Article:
March 23 is the death anniversary of one of the most heroic figures of the Indian freedom movement. Few people remember it though. Forget the rest of the country, even the children of the village where he was born, do not know anything about him. The Free Press Journal in its issue of 24th March 1931 wrote: “S. Bhagat Singh, Rajguru and Sukhdev live no longer. In their death, lies their victory, let there be no mistaking it. The bureaucracy has annihilated the mortal frame. The nation has assimilated the immortal spirit. Thus, shall Bhagat Singh, Rajguru and Sukhdev live eternally to the dismay of the bureaucracy…”.
To the nation, Bhagat Singh and colleagues will ever remain the symbols of martyrdom in the cause of freedom. In case you don’t know, March 23 is observed as Balidan Divas.
Bhagat Singh and his compatriots shook the British Empire and their views infused an aggressive spirit in the fight for Independence. The fear of Bhagat Singh among the British was such, that after executing him along with the great Sukhdev and Rajguru at 7.33pm, the jail authorities cut the bodies of these revolutionaries into pieces and stuffed them in jute bags. The bags were burned on the banks of the River Sutlej. It was done to prevent outrage against the government on seeing the bodies of the martyrs.
Bhagat Singh was one of the most prominent heroes of the Indian freedom struggle. He was a revolutionary ahead of his times. Bhagat Singh was born in village, Banga in the Layalpur district of Punjab (now in Pakistan) in a Sikh family on 27 September 1907. The third son of Sardar Kishan Singh and Vidyavati, Bhagat Singh’s family was actively involved in the freedom struggle. His uncle Ajit Singh and father Kishan Singh were members of the Ghadr Party founded in US to oust British rule from India.
In 1916, young Bhagat Singh came into contact with well-known political leaders like Lala Lajpat Rai and Ras Bihari Bose while studying at the local DAV School, in Lahore. Punjab was very politically-charged those days. When Jalliawalan Bagh massacre took place in 1919, Bhagat Singh was only 12 years old. The massacre deeply disturbed him. Bhagat Singh went to Jalliawalan Bagh and collected the soil from the spot and kept it as a memento for the rest of his life, the day after the massacre. The cruel killings had strengthened his resolve to drive out the British from India.
From 1923, to the time of his execution, in 1931, he dedicated himself to the liberation of the motherland. He gave a new direction to revolutionary movement in India and formed the ‘Naujavan Bharat Sabha’ to spread the message of revolution in Punjab. He formed the ‘Hindustan Samajwadi Prajatantra Sangha’ along with Chandrasekhar Azad to establish a republic in India. Bhagat Singh killed the police officer, Saunders to avenge the death of Lala Lajpat Rai. He dropped two bombs in Central Legislative Assembly along with Batukeshwar Dutt. However, his intentions were not cruel, as the bombs were thrown in such a way that they did not hurt anyone. After that, Bhagat Singh and Batukeshwar Dutt, deliberately courted arrest by refusing to run away from the scene.
Meanwhile, friends of Bhagat Singh who turned ‘approvers’ identified the killers of Saunders. During his trial, Bhagat Singh refused to employ any defense counsel. In jail, he went on hunger strike to protest the inhuman treatment of fellow political prisoners by jail authorities. On 7 October 1930, Bhagat Singh, Sukh Dev and Raj Guru were awarded death sentence by a special tribunal. Despite great popular pressure and numerous appeals by political leaders of India, Bhagat Singh and his associates were hanged on March 23 1931.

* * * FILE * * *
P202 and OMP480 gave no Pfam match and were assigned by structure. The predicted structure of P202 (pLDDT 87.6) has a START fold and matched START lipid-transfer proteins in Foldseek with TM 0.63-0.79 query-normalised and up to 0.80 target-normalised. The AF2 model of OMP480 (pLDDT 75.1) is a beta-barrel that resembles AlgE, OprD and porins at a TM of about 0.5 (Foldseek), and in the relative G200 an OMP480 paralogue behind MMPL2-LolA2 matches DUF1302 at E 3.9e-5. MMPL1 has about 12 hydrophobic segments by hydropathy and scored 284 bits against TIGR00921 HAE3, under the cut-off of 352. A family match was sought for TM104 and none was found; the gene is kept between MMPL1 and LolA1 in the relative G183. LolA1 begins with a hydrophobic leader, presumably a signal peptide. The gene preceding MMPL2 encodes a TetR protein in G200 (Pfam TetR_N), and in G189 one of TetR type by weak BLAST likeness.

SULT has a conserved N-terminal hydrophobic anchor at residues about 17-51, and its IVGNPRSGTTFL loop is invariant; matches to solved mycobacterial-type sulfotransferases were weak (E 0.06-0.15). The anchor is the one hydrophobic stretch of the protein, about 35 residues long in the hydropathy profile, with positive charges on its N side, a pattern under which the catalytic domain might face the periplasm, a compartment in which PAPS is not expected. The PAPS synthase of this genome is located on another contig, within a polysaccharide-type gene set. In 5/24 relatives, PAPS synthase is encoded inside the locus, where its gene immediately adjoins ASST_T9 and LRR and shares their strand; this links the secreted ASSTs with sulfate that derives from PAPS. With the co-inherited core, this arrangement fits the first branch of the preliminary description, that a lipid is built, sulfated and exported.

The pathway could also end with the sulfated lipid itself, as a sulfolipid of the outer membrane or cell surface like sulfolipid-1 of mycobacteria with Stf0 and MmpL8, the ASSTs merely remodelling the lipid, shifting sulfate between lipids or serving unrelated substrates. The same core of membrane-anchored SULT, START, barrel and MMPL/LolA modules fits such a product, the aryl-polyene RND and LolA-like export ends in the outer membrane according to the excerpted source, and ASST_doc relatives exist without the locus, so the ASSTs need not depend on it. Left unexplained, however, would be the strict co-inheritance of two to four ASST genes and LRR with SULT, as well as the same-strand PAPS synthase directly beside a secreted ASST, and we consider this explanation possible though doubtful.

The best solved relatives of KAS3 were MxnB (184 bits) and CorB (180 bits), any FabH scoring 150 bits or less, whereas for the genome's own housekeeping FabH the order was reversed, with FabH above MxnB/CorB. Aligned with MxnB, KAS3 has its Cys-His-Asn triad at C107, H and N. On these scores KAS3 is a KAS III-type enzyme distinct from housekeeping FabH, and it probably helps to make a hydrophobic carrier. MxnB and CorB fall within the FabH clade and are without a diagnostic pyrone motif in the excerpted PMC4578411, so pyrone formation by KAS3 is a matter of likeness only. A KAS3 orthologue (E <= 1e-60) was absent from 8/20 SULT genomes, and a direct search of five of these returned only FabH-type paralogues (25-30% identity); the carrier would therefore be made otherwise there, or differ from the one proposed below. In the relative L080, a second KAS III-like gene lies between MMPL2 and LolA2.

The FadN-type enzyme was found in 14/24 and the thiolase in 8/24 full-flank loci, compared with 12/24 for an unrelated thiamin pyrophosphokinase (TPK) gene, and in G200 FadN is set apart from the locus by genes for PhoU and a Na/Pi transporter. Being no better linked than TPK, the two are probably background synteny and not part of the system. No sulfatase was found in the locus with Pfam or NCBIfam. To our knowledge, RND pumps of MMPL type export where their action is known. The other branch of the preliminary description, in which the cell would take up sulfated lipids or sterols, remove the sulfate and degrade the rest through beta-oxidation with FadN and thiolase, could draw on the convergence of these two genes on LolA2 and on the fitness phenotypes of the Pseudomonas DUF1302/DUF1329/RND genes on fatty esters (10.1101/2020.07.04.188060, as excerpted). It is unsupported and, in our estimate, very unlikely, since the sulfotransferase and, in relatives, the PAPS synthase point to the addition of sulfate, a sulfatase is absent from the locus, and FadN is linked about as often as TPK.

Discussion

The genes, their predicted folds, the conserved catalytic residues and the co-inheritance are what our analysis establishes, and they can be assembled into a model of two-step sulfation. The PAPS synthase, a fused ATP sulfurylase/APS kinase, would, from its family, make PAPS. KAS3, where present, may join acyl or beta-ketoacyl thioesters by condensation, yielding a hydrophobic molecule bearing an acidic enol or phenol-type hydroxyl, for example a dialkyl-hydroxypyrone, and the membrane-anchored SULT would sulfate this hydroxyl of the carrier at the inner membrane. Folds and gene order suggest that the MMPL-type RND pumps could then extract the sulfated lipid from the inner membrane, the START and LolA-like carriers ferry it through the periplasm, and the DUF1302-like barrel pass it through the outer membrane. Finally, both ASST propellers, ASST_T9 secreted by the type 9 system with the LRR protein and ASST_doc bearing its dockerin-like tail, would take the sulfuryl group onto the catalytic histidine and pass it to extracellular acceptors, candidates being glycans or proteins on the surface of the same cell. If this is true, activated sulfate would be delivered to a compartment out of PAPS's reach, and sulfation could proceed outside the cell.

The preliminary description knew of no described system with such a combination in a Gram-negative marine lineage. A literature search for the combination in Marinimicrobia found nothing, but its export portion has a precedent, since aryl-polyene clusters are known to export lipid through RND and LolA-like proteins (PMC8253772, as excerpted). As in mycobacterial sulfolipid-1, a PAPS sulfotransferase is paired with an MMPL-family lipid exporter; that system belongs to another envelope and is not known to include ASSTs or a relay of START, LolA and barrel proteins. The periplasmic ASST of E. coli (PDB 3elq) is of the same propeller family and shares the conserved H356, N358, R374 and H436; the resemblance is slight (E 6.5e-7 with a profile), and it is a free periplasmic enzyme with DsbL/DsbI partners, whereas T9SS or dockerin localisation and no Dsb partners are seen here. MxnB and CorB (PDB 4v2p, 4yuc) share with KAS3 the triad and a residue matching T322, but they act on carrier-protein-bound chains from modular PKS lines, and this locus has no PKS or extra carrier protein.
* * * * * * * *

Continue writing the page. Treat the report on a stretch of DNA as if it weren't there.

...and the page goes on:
Bhagat Singh is dead; yet, he lives on. He is idolised by youngsters who wish to bring about a change in the society. The fact that Bhagat Singh still lives in our hearts, is thanks to films like ‘The Legend of Bhagat Singh’ and ‘Rang De Basant’i. The latter revived the spirit of Bhagat Singh. Generation X awoke from its slumber and came together to demand justice of Priyadarshani Mattoo, Jessica Lal and led a fight against reservations. They also fought against unfavourable amendments in the Right To Information Act. A generation has awakened and it’s the beginning of a new era where the youth is breathing rebellion.
I would like to conclude with a quote from Bhagat Singh’s jail notebook: “I also wish my friends to speak little or not at all about me, because idols are created when men are praised, and this is very bad for the future of the human race. Acts alone, no matter by whom committed, ought to be studied, praised or blamed. Let them be praised in order that they may be imitated when they seem to contribute to the common wealth. Let them be censured when they are regarded as injurious to the general well being, so that they may not be repeated. I desire, that on no occasion whether near or remote, nor for any reason whatsoever, shall demonstration of a political or religious character be made before my remains, as I consider the time devoted to the dead would be better employed in improving the conditions of the living most of whom stands in great need of this.”
Bipan Chandra has rightly concluded in the 1970s book on Bhagat Singh, ‘Why I am an Atheist’, that “it is one of the greatest tragedies of our people that this giant of a brain was brought to a stop so early by the colonial authorities.”
It is the nature of colonialism and imperialism to cause such tragedies, be it in India or Vietnam, in Iraq, Palestine, or Latin America. But the people do avenge these crimes by yet more ferocious struggles against imperialism, if not today, then tomorrow. Our task is to keep the memory of our martyrs fresh, and by doing so we prepare the victories of tomorrow.
[Image courtesy: http://www.cpim.org/pd/2006/0319/bhagat-singh-ph-2.gif]